This is a powerful story
Recently I had the pleasure of meeting three families who were brought together by extraordinary circumstances. They came from Florida, Tennessee and Delaware to meet me in Wilmington for one goal – to provide closure to the family of a fallen Vietnam War soldier, nearly 45 years later.
From left: Mark Momcilovich, Sen. Carper, Luu Van Vo, Ngoc Van Vo, Bill Melfi, and Kristin Momcilovich James.
Nancy Lynch of Bethel, a former reporter for The News Journal and the author of “Vietnam Mailbag”, a book of local soldiers’ stories from the Vietnam War, called me earlier this year to tell me that she had been contacted by former South Vietnamese non-commissioned soldier, Ngoc Van Vo. Ngoc had found the Military Driver’s license of Army Capt. Mike Momcilovich, Jr., a Vietnam Veteran from Wilmington whose letters were published in her book. Now living in Florida, Ngoc had been searching, without success, for relatives of Capt. Momcilovich for more than 20 years in order to reunite them with what was perhaps the last tangible memento of Capt. Momcilovich’s life and service: his military ID. But now, with help from his friend Bill Melfi, also a Vietnam Veteran living in Florida, they found Capt. Momcilovich’s story on the book’s website and reached out to Nancy with the hope that she could connect them with Capt. Momcilovich’s family.
She happily agreed, and after weeks of trying to bring together three families from three states, we all decided to meet in Wilmington over Memorial Day week, a fitting time to honor Capt. Momcilovich. On Friday, May 31, we gathered at the Vietnam War Memorial in Brandywine Park. Nancy, Bill and his wife Andrea of Sebastian, Fla., Capt. Momcilovich’s brother Mark of Bear and his daughter Kristin of Nashville, Tenn., and Ngoc and his wife Luu Van Vo of Florida met at the base of the statue where Capt. Momcilovich’s name, along with hundreds of others, is etched on a plaque. We met and heard the extraordinary stories of Ngoc and Luu’s life in South Vietnam – from Ngoc finding the charred fragments of Capt. Momcilovich’s military ID in a helicopter wreckage during a salvage mission, to their journey to America. We learned about the remarkable friendship between Ngoc and Bill, and their decades-long search for the relatives of Capt. Momcilovich. I learned that Kristin, who was only an infant at the time of her father’s death, never got a chance to know her dad, but how this gave her a piece of his life for her to cherish forever.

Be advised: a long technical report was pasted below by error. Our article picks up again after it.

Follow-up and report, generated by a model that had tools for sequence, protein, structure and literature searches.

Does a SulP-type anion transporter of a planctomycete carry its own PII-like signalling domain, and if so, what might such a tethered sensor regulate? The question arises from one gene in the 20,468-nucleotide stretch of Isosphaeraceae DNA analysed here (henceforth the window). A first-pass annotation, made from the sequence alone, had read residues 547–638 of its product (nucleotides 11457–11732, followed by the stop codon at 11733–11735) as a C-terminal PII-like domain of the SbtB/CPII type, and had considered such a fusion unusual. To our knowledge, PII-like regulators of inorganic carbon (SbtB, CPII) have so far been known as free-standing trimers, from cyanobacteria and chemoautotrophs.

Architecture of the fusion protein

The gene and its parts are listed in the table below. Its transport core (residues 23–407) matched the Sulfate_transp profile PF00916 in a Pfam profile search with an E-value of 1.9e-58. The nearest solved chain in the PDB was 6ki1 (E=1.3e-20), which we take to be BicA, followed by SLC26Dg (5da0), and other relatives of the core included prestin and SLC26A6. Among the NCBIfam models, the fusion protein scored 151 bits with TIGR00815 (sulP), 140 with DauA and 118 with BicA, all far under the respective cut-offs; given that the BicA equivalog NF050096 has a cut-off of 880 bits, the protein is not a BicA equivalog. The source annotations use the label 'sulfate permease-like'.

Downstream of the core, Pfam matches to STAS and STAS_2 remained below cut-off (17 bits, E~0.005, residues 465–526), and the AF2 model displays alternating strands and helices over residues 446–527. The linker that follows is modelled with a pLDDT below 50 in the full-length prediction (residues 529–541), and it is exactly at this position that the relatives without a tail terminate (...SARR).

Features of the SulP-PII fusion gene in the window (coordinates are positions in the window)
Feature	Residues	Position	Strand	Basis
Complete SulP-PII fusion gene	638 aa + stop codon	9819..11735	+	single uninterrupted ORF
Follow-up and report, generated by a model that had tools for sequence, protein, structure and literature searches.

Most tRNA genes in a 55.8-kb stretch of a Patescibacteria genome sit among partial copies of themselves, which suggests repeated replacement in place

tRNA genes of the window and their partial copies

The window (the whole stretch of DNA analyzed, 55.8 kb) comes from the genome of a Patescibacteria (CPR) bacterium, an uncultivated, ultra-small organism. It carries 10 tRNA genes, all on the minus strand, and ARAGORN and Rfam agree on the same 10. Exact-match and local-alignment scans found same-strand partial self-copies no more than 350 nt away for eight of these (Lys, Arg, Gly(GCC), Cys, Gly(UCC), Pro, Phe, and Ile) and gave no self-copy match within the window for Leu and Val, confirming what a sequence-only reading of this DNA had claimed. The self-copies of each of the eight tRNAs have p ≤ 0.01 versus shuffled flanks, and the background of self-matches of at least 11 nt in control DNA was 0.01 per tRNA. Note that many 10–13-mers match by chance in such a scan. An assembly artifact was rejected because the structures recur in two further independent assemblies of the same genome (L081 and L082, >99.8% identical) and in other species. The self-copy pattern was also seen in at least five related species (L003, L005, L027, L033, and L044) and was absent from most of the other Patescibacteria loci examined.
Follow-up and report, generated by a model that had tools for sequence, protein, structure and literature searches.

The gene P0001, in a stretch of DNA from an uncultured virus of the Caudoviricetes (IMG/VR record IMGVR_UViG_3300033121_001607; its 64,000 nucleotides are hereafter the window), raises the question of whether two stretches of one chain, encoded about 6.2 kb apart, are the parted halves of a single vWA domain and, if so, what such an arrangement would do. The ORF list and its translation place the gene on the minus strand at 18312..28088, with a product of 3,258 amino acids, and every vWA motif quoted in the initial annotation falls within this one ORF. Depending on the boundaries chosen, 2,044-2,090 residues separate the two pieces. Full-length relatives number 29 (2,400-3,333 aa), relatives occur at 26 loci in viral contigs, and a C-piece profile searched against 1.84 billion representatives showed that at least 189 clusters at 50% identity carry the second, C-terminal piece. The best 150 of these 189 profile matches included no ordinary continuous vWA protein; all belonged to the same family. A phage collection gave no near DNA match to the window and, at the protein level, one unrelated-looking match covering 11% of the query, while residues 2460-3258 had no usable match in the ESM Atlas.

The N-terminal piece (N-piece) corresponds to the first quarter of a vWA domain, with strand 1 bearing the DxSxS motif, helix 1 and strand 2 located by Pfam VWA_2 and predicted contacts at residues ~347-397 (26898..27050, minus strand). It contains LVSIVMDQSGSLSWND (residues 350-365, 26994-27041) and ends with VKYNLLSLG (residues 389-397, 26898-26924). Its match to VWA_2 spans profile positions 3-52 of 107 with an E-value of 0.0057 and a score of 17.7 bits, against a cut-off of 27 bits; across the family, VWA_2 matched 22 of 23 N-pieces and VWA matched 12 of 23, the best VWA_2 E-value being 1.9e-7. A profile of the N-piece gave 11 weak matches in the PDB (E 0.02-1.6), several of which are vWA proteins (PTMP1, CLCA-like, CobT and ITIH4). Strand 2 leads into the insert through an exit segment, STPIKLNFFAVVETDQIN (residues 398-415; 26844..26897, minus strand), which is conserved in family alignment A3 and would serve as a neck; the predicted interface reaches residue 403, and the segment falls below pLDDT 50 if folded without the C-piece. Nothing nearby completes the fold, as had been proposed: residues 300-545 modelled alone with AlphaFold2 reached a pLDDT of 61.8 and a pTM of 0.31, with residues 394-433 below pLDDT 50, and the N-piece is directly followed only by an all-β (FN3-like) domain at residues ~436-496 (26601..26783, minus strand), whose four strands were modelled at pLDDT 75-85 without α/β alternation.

Capt. Momcilovich was only 24 years old when his helicopter was hit by hostile ground gunfire. He was decorated with the Purple Heart, the Air Medal, the National Defense Medal, the Vietnam Service Medal and numerous Vietnam campaign medals. I hope that this reunion, in some small way, will help bring closure to the Momcilovich family, and it was certainly a meeting I was honored and humbled to witness. I will never, ever forget it.
I just wanted to share that moving story with you, and I hope you’ll join me in remembering Capt. Momcilovich’s brave service and sacrifice – and that of so many other men and women in uniform – for our state and our country